Mr. Smith said he was optimistic the case could avoid a messy trial, in part because of Microsoft’s previous antitrust enforcement experience.

In the 1990s, the company was known for its scorched-earth business tactics, which involved bundling software products to crowd out competitors. In 1992, when regulators were investigating the company, Microsoft co-founder Bill Gates dismissed the investigation, saying, “The worst that could come of this is that I fall on the steps of the FTC, hit my head and hit me.” could kill. “

Two years later, Microsoft agreed to a federal level of approval that gave personal computer makers more freedom to install programs from other companies. It was dissolved after a 1998 antitrust suit and finally settled with the George W. Bush administration in 2001.

“The process forced Microsoft to grow up, particularly in terms of its relationships with regulators and institutions outside of the technology industry,” said Margaret O’Mara, a University of Washington professor who studies the history of technology companies.

In 2001 Mr. Smith entered interviews as Microsoft’s top attorney with a message: It was time to make peace with regulators and competitors. He got the job. Over the next few years, he reached legal settlements with governments around the world and other industry players over competition concerns.

Things weren’t always smooth. Negotiations between the company and Sun Microsystems, a server company that developed the popular Java programming language, broke down and it took a year for it to get back on track. In 2004, Steve Balmer, Microsoft’s CEO at the time, was on a plane bound for Brussels to announce a deal with the European Commission when Mr. Smith received word that the Commission was instead charging Microsoft for pre-installing applications on its Windows operating system would sue. It took five years to secure a deal.

Since Mr. Nadella took over, Microsoft has taken an even more open stance. Its first acquisition was the studio that develops Minecraft, a game where kids learn and socialize in an expansive virtual world. He also spent $7.5 billion to buy GitHub, a software platform that supports open-source code.

Microsoft is now the second most valuable stock company in the world, largely due to its strong cloud computing offerings. The corporate business, which is at the heart of its growth, generally attracts less governmental attention than social media or other consumer-facing ventures.

Worldwide Mr. Smith has presented Microsoft as a friendly giant willing to work with skeptical lawmakers. He has proposed middle ground rules on contentious issues such as app stores and supported bipartisan interests such as broadband expansion.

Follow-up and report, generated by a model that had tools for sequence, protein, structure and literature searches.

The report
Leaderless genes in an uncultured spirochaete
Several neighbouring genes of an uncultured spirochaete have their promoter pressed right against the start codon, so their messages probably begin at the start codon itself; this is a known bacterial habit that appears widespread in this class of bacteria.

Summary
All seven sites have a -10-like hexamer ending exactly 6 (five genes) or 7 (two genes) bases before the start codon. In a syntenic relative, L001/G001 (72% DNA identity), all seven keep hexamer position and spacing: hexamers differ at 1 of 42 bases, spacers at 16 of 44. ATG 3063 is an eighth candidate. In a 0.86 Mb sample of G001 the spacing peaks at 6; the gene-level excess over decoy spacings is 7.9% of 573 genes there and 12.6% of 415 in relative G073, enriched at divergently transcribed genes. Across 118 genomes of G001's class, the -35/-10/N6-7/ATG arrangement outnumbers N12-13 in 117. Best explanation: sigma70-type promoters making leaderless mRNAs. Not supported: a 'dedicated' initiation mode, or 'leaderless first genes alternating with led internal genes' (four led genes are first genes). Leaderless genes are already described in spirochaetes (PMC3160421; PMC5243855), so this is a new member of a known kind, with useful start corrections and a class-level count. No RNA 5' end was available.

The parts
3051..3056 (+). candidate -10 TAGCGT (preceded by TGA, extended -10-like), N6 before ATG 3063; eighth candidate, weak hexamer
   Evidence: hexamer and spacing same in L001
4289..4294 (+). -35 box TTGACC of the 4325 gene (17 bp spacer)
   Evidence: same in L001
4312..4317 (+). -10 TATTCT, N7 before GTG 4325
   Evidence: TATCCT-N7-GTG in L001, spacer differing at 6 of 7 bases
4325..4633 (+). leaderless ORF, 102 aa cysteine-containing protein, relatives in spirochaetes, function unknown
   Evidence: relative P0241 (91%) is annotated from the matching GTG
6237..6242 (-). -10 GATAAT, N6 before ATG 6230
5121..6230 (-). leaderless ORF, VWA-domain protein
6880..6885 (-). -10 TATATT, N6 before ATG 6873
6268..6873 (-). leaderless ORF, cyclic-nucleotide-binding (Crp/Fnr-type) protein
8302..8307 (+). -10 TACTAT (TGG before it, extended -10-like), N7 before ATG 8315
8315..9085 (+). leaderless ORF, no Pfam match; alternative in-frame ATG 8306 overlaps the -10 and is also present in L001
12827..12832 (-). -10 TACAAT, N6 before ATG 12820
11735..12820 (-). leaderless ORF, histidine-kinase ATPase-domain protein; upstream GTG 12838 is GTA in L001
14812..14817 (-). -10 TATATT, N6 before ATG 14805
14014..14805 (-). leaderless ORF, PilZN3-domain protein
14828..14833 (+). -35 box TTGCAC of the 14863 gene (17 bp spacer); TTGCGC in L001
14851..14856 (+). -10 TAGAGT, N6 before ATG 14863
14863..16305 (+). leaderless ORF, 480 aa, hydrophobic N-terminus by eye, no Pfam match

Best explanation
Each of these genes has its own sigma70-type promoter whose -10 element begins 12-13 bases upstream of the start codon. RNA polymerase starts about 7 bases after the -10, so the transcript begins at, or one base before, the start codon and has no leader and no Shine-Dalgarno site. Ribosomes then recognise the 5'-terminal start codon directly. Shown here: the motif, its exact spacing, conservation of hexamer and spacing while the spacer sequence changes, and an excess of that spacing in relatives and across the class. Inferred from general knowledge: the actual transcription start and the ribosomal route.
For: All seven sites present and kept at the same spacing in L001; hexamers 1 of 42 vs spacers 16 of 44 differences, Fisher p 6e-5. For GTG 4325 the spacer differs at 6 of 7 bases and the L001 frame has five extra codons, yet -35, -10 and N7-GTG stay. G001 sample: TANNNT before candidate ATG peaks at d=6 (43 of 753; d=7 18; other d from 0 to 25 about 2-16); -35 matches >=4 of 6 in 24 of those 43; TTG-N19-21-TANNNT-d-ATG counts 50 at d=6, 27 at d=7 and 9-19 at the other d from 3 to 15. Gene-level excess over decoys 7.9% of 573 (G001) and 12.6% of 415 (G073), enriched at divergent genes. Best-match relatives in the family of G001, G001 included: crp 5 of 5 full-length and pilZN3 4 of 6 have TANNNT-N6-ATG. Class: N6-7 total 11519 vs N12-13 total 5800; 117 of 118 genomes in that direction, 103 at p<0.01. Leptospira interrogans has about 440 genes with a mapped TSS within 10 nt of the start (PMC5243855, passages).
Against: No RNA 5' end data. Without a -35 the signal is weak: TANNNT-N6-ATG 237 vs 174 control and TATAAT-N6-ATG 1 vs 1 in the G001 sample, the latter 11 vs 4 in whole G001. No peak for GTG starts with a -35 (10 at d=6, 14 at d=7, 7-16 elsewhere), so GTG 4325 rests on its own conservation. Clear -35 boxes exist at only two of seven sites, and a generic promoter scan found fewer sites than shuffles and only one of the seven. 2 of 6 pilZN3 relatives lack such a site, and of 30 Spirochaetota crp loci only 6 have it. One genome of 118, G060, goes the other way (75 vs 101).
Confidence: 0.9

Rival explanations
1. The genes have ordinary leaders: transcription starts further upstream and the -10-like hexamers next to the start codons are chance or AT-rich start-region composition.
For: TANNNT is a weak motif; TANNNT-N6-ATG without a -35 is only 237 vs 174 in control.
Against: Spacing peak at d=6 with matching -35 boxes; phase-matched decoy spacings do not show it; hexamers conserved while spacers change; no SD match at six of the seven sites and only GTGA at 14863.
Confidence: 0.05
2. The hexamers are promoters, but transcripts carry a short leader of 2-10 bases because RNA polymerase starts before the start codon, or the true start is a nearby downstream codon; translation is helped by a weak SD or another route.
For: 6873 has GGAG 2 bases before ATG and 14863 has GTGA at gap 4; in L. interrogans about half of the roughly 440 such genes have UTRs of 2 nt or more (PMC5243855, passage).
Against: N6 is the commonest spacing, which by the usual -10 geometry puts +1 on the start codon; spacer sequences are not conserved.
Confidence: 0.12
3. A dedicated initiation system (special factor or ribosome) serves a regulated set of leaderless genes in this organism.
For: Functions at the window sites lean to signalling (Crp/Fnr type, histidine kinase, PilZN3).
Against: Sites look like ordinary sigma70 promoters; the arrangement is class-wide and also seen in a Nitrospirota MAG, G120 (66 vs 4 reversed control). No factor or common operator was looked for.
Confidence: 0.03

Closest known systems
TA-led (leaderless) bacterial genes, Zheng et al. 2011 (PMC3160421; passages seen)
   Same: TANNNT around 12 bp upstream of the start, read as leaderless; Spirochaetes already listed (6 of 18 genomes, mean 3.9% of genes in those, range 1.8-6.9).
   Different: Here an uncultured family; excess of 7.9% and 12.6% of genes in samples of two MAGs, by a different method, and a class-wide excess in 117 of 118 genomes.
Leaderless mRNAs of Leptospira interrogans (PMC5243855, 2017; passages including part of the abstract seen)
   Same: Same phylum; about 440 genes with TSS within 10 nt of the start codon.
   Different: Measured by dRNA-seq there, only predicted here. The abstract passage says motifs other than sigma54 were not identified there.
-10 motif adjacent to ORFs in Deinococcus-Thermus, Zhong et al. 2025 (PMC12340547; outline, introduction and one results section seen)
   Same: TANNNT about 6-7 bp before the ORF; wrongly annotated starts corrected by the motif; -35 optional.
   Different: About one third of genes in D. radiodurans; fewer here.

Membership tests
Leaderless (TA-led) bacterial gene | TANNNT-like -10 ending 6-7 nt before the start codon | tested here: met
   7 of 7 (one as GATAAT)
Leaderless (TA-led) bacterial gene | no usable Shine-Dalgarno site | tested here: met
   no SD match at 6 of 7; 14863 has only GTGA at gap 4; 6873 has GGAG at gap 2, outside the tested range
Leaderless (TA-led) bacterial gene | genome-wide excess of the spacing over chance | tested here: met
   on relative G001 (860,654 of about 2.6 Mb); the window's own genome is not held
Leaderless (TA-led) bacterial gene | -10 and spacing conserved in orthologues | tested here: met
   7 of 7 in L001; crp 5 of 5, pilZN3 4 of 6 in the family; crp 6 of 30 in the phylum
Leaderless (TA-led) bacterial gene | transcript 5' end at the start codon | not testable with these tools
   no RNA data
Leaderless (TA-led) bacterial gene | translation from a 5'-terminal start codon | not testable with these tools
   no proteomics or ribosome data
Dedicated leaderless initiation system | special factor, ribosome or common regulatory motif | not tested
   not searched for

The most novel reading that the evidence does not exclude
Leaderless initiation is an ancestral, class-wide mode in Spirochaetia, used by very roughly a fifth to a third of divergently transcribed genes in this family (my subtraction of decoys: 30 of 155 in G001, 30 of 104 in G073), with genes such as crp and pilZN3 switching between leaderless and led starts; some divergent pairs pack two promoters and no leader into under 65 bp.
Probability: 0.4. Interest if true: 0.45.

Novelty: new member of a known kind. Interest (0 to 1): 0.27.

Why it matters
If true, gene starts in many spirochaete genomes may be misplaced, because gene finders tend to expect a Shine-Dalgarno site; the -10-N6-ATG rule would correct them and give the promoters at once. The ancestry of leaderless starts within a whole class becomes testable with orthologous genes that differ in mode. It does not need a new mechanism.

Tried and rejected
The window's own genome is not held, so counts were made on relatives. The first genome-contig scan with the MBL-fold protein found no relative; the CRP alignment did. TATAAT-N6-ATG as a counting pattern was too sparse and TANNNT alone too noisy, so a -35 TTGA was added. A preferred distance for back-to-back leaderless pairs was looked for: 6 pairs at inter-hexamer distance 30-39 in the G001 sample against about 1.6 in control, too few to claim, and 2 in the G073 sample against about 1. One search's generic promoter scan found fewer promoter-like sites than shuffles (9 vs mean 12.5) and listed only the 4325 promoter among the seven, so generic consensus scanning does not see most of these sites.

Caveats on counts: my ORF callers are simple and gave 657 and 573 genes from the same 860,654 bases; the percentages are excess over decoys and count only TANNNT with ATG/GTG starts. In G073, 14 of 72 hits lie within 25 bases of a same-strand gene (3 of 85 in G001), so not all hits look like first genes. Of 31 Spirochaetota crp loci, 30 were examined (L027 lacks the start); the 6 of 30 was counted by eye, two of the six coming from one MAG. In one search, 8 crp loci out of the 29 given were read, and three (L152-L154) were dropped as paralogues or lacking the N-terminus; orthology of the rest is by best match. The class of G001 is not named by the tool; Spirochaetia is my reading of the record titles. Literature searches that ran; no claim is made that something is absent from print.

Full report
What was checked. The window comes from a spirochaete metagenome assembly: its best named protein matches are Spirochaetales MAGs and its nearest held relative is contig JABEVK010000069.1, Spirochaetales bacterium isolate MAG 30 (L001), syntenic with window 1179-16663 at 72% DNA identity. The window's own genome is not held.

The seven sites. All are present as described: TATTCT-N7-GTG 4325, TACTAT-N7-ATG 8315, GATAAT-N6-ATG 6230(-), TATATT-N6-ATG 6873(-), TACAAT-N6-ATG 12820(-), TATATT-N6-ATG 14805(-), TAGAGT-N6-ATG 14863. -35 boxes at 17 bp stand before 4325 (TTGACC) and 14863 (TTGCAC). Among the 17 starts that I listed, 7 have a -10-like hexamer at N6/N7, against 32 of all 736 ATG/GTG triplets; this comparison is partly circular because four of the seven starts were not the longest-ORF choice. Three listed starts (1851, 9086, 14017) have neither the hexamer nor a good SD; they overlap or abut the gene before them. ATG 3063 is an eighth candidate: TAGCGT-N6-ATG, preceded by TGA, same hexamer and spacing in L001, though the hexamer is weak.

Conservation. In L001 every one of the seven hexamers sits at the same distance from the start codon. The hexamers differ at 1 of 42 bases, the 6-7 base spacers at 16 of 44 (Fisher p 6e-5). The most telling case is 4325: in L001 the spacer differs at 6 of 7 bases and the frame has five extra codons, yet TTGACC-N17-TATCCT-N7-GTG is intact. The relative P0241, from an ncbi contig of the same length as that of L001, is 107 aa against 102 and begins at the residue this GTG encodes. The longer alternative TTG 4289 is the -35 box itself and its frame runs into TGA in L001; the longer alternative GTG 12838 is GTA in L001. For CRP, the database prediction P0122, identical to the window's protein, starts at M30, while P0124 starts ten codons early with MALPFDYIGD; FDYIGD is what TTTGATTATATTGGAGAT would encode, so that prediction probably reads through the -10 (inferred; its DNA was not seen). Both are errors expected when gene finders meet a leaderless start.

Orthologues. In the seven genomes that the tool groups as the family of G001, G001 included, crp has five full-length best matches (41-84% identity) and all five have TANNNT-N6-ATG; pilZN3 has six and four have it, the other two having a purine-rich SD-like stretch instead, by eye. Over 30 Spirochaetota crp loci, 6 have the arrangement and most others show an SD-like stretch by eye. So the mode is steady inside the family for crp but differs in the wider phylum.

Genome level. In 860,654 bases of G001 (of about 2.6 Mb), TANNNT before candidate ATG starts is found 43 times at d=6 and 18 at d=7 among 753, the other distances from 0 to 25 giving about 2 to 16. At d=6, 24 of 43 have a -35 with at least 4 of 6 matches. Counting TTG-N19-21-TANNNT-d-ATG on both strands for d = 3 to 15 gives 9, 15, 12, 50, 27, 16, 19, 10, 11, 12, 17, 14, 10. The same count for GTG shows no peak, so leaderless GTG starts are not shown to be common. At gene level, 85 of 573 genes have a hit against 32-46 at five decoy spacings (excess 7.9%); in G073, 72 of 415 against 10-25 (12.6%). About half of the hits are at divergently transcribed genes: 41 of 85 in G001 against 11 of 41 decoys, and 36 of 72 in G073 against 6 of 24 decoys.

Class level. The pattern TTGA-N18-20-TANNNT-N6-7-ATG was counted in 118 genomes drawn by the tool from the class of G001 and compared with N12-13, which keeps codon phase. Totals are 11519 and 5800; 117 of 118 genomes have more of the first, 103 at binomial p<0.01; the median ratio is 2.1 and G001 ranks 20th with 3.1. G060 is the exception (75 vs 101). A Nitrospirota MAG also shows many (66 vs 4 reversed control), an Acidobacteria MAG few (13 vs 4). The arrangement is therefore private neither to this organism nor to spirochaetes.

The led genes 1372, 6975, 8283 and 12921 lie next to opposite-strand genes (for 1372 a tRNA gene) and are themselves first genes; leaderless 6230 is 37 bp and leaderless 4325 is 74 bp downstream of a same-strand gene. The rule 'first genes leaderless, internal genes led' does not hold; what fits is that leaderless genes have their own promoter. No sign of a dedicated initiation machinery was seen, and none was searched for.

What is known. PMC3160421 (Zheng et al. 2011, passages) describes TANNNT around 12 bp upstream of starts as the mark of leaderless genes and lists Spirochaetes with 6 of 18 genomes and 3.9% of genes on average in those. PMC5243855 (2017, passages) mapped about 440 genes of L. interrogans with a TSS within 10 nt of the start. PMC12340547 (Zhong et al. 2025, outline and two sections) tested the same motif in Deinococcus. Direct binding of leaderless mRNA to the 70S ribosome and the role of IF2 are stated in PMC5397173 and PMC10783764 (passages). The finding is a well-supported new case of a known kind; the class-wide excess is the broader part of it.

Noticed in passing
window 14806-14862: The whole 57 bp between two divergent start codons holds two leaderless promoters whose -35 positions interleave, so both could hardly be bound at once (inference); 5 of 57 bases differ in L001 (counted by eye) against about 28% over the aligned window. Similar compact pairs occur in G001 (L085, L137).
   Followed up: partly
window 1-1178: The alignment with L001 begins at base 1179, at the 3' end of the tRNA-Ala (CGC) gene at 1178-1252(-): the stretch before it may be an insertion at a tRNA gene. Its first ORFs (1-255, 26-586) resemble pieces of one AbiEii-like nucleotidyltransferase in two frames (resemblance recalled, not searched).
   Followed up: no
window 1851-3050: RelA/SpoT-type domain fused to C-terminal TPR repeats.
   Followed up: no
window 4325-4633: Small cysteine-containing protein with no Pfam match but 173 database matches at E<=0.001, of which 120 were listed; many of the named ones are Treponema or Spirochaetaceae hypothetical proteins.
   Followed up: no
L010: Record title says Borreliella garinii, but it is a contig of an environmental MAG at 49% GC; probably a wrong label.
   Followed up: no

Mr. Smith maintains strong connections in Washington. As a coordinator for President Biden’s campaign, he attended a state dinner at the White House for French President Emmanuel Macron just days before the FTC sued to block the Activision deal.

After the deal was announced in January, Microsoft went to great lengths to allay regulators’ fears. Mr. Schmied and Mr. Nadella traveled to Washington in February to promote the benefits of the deal. The company also made peace with a riotous union, which in turn lobbied the FTC for the deal. And it promised Sony it would keep Call of Duty on PlayStation for years, signing a deal to bring the game to Nintendo’s Switch.

Mr. Smith said things “moved fast” in the last few weeks before Microsoft was sued. When FTC officials met with Microsoft’s team, it became clear that the agency had serious concerns, he said.

“Our team asked, ‘Can we discuss a proposed settlement? “And the staff said, ‘Not with us,'” he said. Subsequent talks with the agency’s antitrust office leadership were unsuccessful, he added.

On Dec. 6, Microsoft drafted a formal settlement proposal for the agency. Mr. Smith declined to say exactly what it contained, but said it addressed “all issues related to Call of Duty,” citing fears that Microsoft might remove the title from competing consoles. Mr. Smith spoke virtually for an hour with each of the agency’s four commissioners the next day.

A day later, FTC officials voted 3 to 1 to file a lawsuit.

But Mr. Smith said he refuses to view the situation as an us versus them situation.

“I always start by asking myself, could I have done more?” he said. “What I do know is that January brings a new year.”

Kellen Browning contributed reporting.